Wyoming wildflower/alpine?

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Middleton
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Wyoming wildflower/alpine?

When viewing the Townsendia in the trough in Genera, Species, I scrambled to find a photo I’d taken September 1st 2008 in the Big Horns. At the time I wondered if the pretty blue flowers were a Townsendia species or Erigeron species. Not a great photo as it was the end of season and not much was in bloom plus the old digital camera!

Lori S.
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Joined: 2009-10-27

Looks like an aster (pardon me -  I mean one of the plants formerly known as "aster"  ;D) to me, but let's see what the experts say!

Lori
Calgary, Alberta, Canada - Zone 3
-30 C to +30 C (rarely!); elevation ~1130m; annual precipitation ~40 cm

Boland
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I agree it's an 'Aster' of some sort.

Todd Boland
St. John's, Newfoundland, Canada
Zone 5b
1800 mm precipitation per year

Middleton
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Thank you Lori and Todd.

Another photo with what I think is a Penstemon species in the middle of three or four different alpines in late bloom or spent bloom.  Wish I had concentrated also on the white blooms at the top of the photo. Perhaps a violet?
Sharon

Sharon
Zone 5 Georgian Bay, Central Ontario, Canada

Kelaidis
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It's a bit brash of me, but I would guess your aster is Aster foliaceus, which is very widespread and certainly looks like what you show. It is usually a darker violet color, however. But the foliage and rhizomatous habit and altitude would seem to fit.

Your "penstemon", however, looks an awful lot like Valeriana edulis, and extremely widespread thingum on montane, subalpine and alpine meadows throughout the Rockies that has such interesting foliage and habit and grace that when the greeny white flowers open invariably disappoints. Perhaps that's why someone ate it (edulis?). My experience eating wildflowers is that most are not very tasty.

For every minion of the peaks there are a dozen steppe children growing in the dry Continental heart of all hemispheres still unknown to horticulture.

Middleton
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Thanks for the IDs Panayoti.
Obvoiusly I'm a 'newbie' at plant identification of western plants.
The last two photos were taken in a slightly higher location. Again only foliage as it is end of bloom season Aug 31.

Sharon
Zone 5 Georgian Bay, Central Ontario, Canada

Lori S.
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Joined: 2009-10-27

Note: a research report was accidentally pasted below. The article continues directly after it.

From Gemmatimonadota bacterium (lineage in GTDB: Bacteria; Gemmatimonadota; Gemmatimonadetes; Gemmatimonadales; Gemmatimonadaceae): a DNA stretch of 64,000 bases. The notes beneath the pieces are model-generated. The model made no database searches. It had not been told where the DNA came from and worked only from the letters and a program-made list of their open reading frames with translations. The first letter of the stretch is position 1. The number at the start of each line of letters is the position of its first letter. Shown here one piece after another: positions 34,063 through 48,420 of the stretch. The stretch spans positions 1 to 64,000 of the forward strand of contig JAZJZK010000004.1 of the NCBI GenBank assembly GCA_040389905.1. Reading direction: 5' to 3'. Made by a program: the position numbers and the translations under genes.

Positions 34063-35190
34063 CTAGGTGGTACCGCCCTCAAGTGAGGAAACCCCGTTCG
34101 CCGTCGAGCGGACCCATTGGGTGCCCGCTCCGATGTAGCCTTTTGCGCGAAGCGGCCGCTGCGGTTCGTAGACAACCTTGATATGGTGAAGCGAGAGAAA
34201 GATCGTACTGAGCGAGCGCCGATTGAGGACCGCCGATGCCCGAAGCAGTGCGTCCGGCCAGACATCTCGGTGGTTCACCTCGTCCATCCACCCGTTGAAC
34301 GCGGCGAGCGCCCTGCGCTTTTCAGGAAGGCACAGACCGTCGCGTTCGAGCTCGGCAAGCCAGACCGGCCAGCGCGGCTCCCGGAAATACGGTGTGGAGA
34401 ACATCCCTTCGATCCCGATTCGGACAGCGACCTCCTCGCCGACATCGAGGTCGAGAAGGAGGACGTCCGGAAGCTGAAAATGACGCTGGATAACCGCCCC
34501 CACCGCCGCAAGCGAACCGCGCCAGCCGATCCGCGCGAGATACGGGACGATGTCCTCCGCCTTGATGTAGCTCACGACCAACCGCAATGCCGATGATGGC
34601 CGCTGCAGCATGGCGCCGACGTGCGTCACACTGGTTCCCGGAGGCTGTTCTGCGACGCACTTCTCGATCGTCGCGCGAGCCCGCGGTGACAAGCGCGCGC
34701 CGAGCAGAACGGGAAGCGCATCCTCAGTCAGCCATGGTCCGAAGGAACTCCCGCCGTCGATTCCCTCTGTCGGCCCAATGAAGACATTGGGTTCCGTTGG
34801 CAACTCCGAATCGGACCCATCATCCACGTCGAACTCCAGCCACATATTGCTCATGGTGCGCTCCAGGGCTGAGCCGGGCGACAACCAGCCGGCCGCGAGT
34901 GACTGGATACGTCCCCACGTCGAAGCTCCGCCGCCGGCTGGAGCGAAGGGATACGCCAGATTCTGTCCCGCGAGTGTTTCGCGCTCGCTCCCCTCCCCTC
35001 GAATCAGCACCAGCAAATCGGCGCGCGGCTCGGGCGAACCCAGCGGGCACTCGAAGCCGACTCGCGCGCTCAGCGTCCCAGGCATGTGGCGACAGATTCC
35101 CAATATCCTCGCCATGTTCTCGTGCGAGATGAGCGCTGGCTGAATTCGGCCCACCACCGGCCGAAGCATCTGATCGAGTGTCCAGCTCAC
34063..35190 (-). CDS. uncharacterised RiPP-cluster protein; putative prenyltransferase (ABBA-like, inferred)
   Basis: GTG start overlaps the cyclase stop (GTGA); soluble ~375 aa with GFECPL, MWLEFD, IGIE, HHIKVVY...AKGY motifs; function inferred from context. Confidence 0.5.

The first one (red-leafed plant) looks like plantain, Plantago major.  Never mind.  :)

The second looks like Telesonix spp., possibly T. heucheriformis... ?  (A wild guess, as I have never seen it or T. jamesii.)

Telesonix jamesii is on the back cover of the last Rock Garden Quarterly (winter 2010).

Lori
Calgary, Alberta, Canada - Zone 3
-30 C to +30 C (rarely!); elevation ~1130m; annual precipitation ~40 cm

McGregorUS
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I think the first one is probably a Micranthes sp. (ex Saxifraga) possibly M. rhomboidea and the second may well be Telesonix heucheriformis (if you distinguish that from T. jamesii which many people do not) but it's difficult to get a clear enough image of the open capsules (just fails to be clear enough when I zoom in) to be more certain.

Malcolm McGregor
Global Moderator/NARGS Editor
East Yorkshire, UK

Lori S.
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Joined: 2009-10-27

Middleton wrote:

Wish I had concentrated also on the white blooms at the top of the photo. Perhaps a violet?
Sharon

Re. your second photo, the leaf shape/plant form don't suggest "violet" to me, but I couldn't say what it is.

Lori
Calgary, Alberta, Canada - Zone 3
-30 C to +30 C (rarely!); elevation ~1130m; annual precipitation ~40 cm

Kelaidis
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Joined: 2010-02-03

You definitely have Telesonix heucheriformis in the second picture. I know it well, Horatio! The seed looks just about ready to harvest.

If you compare it to my pictures of T. jamesii (the GOOD one!) you can see quite a few interesting differences in the way the foliage is carried, and the stoutness of the stem. What your picture doesn't show is the strange violet-purplish rather off putting flowers.

For every minion of the peaks there are a dozen steppe children growing in the dry Continental heart of all hemispheres still unknown to horticulture.

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